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What is MRSA in the Sputum?

By J.M. Willhite
Updated Mar 03, 2024
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The presence of methicillin-resistant Staphylococcus aureus (MRSA) bacteria in the mucus is known as MRSA in the sputum. Presenting most frequently in cases of MRSA lung infection, or MRSA-based pneumonia, it can spread the contagious infection to others if it is not handled properly. Treatment for MRSA-based lung infection often requires hospitalization and the administration of aggressive antibiotic therapy.

The presence of MRSA infection is generally confirmed through several diagnostic tests. Individuals will usually undergo a series of cultures that are performed on their blood and urine to determine the bacterial basis for their infection. Those who have symptoms of a MRSA lung infection will usually undergo a sputum culture, which requires that a sample of mucus be taken and sent for laboratory analysis. Individuals who acquire an active infection may develop a variety of symptoms that progress rapidly from mild to severe.

How the symptoms appear is entirely dependent on the location of the initial infection. Those who acquire infection through skin contact may initially present with skin irritation and the formation of cutaneous abscesses. As the infection spreads, individuals may develop flu-like symptoms that include fever, chills and widespread muscle aches. An infection that settles in the lungs will usually trigger a persistent cough, shortness of breath, and mucus drainage. Individuals with suspected MRSA in the sputum should take proactive measures to cover their mouth when coughing and sneezing to prevent the spread of infection to others.

Methicillin-resistant Staphylococcus aureus infection's rapid progression usually requires prompt, appropriate medical treatment to prevent a worsening of symptoms and ensure a good prognosis. An individual who contracts the infection may not immediately show pneumonic symptoms, but as the infection progresses, his or her condition may rapidly deteriorate. Individuals with a MRSA lung infection often require multi-faceted treatment that requires hospitalization.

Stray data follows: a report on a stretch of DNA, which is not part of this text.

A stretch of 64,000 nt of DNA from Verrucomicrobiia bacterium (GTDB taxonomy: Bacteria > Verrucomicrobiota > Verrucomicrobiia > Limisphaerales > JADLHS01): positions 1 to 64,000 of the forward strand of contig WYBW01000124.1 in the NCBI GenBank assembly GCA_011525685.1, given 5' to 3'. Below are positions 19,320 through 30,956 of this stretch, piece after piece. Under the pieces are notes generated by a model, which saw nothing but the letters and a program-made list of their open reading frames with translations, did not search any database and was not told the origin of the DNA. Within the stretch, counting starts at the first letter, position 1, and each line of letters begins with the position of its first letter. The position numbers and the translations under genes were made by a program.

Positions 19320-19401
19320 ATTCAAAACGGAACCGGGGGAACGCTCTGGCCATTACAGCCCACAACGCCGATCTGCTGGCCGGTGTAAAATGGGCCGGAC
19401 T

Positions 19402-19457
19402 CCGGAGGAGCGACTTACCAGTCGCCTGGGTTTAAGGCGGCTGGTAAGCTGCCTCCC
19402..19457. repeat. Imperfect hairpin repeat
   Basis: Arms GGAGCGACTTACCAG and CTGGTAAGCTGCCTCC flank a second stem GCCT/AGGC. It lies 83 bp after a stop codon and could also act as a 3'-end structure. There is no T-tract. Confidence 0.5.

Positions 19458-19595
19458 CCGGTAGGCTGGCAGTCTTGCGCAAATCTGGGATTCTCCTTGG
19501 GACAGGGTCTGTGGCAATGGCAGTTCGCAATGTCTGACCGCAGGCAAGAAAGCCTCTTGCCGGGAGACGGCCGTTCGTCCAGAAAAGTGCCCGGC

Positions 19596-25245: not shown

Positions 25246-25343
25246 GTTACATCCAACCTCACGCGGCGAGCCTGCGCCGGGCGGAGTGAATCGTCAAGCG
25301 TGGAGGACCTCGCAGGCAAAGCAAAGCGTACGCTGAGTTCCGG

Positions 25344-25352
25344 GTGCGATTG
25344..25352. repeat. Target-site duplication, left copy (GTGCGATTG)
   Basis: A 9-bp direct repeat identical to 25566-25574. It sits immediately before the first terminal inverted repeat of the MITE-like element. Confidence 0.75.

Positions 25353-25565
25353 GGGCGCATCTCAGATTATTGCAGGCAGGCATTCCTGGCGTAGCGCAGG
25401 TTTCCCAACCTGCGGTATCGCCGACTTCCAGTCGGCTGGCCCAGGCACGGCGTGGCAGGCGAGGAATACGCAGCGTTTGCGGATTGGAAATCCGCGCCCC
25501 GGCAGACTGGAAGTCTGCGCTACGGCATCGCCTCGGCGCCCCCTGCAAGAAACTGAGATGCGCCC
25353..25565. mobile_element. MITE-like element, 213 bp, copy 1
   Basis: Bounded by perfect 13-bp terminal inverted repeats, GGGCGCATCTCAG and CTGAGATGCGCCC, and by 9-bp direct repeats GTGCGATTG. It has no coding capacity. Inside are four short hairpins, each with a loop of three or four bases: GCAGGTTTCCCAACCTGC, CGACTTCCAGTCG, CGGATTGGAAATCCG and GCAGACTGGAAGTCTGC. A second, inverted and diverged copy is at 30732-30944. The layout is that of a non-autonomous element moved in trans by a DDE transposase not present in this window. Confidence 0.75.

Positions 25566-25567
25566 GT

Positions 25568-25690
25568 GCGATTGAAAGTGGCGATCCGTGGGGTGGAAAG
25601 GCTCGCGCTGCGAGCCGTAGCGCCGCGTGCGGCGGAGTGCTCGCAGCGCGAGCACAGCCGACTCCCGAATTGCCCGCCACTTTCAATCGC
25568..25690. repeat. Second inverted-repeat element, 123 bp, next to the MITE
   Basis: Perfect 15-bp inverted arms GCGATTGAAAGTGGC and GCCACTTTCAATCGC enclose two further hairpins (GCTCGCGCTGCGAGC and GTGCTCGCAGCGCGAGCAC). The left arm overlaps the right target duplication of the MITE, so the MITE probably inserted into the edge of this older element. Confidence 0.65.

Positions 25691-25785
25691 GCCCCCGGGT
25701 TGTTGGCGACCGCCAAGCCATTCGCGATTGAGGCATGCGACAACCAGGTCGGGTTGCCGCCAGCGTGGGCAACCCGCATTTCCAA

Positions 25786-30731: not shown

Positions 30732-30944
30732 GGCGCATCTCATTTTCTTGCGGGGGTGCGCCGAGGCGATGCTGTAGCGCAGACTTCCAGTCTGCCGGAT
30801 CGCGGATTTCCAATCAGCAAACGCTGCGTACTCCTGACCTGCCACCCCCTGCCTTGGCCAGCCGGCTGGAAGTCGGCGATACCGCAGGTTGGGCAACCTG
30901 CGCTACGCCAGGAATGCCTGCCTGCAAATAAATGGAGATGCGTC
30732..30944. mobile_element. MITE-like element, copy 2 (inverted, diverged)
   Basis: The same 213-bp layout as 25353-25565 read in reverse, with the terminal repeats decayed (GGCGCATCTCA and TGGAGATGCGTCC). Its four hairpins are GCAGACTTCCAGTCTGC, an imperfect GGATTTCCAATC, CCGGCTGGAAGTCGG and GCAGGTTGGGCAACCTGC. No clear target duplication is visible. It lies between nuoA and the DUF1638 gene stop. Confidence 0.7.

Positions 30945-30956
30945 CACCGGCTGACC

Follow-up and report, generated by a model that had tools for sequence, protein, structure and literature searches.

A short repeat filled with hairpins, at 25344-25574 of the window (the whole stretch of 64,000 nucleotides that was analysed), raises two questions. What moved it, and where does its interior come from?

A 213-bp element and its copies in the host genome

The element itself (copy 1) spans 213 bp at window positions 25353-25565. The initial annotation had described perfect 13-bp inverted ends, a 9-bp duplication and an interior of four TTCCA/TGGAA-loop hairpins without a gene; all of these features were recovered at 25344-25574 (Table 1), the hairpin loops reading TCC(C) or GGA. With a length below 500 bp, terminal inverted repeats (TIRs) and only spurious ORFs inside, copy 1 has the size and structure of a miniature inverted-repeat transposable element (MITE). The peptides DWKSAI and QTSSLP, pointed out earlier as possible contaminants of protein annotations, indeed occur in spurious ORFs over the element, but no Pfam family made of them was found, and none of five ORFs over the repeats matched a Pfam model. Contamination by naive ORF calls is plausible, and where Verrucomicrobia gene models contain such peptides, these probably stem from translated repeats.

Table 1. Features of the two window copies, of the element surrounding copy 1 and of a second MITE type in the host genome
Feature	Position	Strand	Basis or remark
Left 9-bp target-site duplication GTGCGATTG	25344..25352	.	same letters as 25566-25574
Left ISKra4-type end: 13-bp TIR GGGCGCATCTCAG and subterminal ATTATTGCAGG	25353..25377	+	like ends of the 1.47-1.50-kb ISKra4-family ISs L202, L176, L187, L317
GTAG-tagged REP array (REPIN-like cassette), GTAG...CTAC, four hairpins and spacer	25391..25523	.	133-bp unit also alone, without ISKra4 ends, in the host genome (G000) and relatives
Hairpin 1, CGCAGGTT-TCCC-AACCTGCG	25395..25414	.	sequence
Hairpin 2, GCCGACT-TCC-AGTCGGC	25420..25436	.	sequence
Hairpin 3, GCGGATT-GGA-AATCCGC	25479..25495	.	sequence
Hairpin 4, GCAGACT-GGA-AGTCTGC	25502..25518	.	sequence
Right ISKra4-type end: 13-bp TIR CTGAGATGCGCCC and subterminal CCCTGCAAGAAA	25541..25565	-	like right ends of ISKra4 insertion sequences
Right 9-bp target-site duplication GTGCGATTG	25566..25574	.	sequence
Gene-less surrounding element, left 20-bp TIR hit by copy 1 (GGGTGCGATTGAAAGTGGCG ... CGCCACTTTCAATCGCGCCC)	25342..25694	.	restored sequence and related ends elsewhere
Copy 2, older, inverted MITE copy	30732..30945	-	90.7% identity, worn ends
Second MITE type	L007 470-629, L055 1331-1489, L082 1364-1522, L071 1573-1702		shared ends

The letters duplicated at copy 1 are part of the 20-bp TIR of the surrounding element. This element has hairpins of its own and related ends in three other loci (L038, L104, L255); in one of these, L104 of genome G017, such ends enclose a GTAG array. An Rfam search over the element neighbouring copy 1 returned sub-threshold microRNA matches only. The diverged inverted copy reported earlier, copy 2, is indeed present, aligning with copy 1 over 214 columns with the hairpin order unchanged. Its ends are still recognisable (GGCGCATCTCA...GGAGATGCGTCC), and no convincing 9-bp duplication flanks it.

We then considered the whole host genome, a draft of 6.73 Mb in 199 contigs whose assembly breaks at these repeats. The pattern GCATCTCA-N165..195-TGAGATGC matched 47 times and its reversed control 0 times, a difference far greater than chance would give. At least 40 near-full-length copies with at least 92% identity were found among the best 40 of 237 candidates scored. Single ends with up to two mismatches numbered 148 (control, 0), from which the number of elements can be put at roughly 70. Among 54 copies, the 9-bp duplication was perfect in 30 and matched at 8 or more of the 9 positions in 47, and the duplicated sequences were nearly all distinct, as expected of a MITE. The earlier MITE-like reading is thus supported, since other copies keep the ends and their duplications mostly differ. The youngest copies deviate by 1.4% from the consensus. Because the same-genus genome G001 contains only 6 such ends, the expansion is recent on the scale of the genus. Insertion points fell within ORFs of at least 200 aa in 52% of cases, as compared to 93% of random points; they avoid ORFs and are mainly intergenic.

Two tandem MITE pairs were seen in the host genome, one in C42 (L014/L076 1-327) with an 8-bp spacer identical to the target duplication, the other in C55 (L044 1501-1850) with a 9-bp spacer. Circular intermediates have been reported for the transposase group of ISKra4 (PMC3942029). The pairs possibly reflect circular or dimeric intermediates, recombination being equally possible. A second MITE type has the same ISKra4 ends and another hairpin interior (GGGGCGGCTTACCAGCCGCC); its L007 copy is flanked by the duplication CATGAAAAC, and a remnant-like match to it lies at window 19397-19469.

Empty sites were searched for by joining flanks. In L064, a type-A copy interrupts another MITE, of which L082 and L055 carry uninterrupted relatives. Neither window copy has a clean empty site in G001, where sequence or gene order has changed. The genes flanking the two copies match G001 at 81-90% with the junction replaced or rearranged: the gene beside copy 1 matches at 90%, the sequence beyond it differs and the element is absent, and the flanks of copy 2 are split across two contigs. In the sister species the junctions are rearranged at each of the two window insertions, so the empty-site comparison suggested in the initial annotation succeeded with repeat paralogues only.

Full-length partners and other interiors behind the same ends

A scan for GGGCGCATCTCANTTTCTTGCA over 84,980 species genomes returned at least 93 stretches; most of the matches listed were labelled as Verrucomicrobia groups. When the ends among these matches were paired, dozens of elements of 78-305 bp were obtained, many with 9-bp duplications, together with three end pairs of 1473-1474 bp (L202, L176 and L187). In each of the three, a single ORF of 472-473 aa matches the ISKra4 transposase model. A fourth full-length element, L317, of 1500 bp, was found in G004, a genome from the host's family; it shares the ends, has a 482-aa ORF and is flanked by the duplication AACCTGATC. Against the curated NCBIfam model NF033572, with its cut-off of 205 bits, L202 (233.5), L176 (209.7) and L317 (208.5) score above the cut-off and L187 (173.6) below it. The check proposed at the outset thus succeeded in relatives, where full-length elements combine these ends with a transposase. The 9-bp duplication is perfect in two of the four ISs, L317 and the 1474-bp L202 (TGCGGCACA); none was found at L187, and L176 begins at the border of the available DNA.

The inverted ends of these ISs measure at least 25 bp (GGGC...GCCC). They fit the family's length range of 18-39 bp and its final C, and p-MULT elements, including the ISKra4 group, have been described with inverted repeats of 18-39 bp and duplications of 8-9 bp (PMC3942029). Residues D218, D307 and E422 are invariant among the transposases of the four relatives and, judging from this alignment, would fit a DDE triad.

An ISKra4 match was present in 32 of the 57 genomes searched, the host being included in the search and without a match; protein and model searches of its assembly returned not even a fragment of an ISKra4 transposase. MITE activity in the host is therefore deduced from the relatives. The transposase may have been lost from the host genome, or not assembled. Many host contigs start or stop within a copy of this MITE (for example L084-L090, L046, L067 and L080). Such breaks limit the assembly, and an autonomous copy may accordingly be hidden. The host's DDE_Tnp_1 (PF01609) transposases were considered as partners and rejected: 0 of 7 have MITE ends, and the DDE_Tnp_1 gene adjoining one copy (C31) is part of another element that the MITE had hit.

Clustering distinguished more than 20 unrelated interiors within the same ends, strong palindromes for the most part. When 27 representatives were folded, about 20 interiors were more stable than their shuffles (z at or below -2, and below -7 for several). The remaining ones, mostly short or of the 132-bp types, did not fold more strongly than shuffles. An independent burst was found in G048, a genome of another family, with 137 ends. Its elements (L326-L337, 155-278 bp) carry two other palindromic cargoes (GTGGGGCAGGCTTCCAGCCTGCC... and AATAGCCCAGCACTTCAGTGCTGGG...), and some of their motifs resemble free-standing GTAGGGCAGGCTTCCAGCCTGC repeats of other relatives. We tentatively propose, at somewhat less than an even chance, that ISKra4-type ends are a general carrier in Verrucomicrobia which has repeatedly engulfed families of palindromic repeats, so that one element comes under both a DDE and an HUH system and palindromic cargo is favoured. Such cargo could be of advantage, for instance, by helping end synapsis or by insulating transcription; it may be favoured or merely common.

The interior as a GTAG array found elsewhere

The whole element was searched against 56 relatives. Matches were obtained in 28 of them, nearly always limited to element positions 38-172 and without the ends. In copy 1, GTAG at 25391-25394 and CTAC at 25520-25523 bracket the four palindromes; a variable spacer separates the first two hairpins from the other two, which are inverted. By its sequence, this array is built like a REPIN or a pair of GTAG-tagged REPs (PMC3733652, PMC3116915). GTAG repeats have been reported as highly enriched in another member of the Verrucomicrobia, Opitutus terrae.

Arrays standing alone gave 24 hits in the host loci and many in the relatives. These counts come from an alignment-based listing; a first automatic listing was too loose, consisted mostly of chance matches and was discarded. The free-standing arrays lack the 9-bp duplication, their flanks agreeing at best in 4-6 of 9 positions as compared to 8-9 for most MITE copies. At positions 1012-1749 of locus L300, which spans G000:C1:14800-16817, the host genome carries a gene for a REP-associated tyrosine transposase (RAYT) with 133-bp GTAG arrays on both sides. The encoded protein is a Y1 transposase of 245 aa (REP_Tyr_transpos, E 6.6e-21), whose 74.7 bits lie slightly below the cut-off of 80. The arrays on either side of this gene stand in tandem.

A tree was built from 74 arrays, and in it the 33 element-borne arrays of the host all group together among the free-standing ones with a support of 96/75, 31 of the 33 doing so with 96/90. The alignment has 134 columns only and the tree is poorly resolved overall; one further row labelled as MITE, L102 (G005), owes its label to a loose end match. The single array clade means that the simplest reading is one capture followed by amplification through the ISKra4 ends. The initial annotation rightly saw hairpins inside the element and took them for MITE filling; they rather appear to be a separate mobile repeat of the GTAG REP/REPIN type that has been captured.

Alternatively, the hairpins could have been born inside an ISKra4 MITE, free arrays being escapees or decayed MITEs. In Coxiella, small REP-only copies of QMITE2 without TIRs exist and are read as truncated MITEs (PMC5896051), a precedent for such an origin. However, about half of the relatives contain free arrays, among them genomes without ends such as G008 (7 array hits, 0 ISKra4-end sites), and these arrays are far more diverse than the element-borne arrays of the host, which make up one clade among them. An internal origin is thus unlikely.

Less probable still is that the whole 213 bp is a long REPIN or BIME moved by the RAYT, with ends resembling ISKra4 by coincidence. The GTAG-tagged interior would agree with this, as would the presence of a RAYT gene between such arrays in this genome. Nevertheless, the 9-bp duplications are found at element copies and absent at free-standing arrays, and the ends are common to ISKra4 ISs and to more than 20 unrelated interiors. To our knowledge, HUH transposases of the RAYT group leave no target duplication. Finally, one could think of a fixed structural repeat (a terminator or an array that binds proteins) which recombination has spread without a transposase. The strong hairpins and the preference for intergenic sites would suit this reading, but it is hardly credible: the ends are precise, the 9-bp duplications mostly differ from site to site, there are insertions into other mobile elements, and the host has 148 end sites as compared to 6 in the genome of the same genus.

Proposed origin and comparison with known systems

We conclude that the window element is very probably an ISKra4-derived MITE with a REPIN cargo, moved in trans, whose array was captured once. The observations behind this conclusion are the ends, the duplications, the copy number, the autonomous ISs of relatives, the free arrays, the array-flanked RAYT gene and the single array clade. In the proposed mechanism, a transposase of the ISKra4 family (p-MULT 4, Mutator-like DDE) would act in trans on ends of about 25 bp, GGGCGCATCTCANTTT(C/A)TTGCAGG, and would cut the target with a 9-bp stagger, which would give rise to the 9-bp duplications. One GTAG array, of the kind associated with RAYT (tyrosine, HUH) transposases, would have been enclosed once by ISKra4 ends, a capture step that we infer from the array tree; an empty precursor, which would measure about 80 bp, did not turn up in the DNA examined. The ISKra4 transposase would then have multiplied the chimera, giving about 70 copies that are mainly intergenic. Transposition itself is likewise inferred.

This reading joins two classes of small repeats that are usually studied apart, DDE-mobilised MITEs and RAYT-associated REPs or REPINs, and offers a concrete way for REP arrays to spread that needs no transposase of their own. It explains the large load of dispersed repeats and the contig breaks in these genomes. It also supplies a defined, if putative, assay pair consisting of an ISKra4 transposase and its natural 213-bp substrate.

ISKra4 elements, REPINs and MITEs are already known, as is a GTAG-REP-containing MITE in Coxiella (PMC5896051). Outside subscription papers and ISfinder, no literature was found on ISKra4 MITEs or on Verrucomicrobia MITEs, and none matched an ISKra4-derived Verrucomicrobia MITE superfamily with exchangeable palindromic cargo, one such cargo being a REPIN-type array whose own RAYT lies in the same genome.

Due to its high mortality rate, MRSA-based pneumonia requires assertive treatment measures. Individuals with MRSA-based pneumonia may be placed in isolation away from other patients so their condition may be stabilized without placing others at risk for infection. Aggressive antibiotic treatment and supplemental oxygen are usually given, along with intravenous fluids to stabilize the individual’s condition and ease his or her respiration.

Originating from exposure to the Staphylococcus aureus bacteria, MRSA infection is most commonly associated with the overuse of antibiotic medication. Certain individuals who overuse or do not completely finish an antibiotic regimen inadvertently increase their susceptibility to certain bacterium and infections, such as MRSA. Classified as a form of staph infection, MRSA is resistant to most antibiotics and usually transmitted through direct contact with a dermal abrasion, such as a cut or scratch.

The ubiquitous nature of this bacteria makes it difficult to avoid exposure. Individuals may be exposed to it through everyday interactions with others or while in a medical setting, such as a hospital or clinic. It is important to note that not everyone who comes into contact with MRSA will develop an infection. Individuals who have recently had surgery or possess compromised immunity are usually considered to be at an increased risk.

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Discussion Comments
By anon939006 — On Mar 11, 2014

This is garbage. Nearly 50 percent of the population has MRSA now. All it does it makes infections a little worse and cannot be controlled by some antibiotics. Vancomycin kills it. I'm a 24 year old female and I had double pneumonia, two strains of flu, a bacterial infection and MRSA in my sputum (snot). I had lung surgery and spent almost two months in the hospital/nursing home (to recover and take vanco through an IV).

I've been home for two weeks and I'm fine, minus getting short of breath easily because I haven't yet gotten full strength back. But ever since I've been back, everyone thinks I'm a hazard, that they can't eat/drink after, wash near, kiss, hug, or touch the same objects as someone with MRSA.

This is all ridiculous. As long as I don't literally wipe my snot in someone's open wound, I won't "infect" you. Besides, you're probably already infected or at least a carrier. MRSA is no big deal and people with it shouldn't be treated as a hazard.

By anon320800 — On Feb 19, 2013

I did not think so, but MRSA in the sputum can lead to MRSA pneumonia. I had MRSA pneumonia in April 2012 and was on life support for four days and spent an additional week in the hospital.

I was diagnosed with MRSA in my sputum about 30 days ago when I was in the hospital for bronchitis and laryngitis. I had preexisting problems that are unrelated to the MRSA infections that involve my heart and lungs. From what I understand MRSA in the sputum can lead to lung infections but you really need to be careful that you do not infect others. Have you been diagnosed with MRSA? And if so, were you given any types of antibiotics or hospitalized for IV therapy of any kind? Talk to your doctor if you have any concerns.

By anon288964 — On Sep 01, 2012

Is sputum contaminated with MRSA considered pneumonia?

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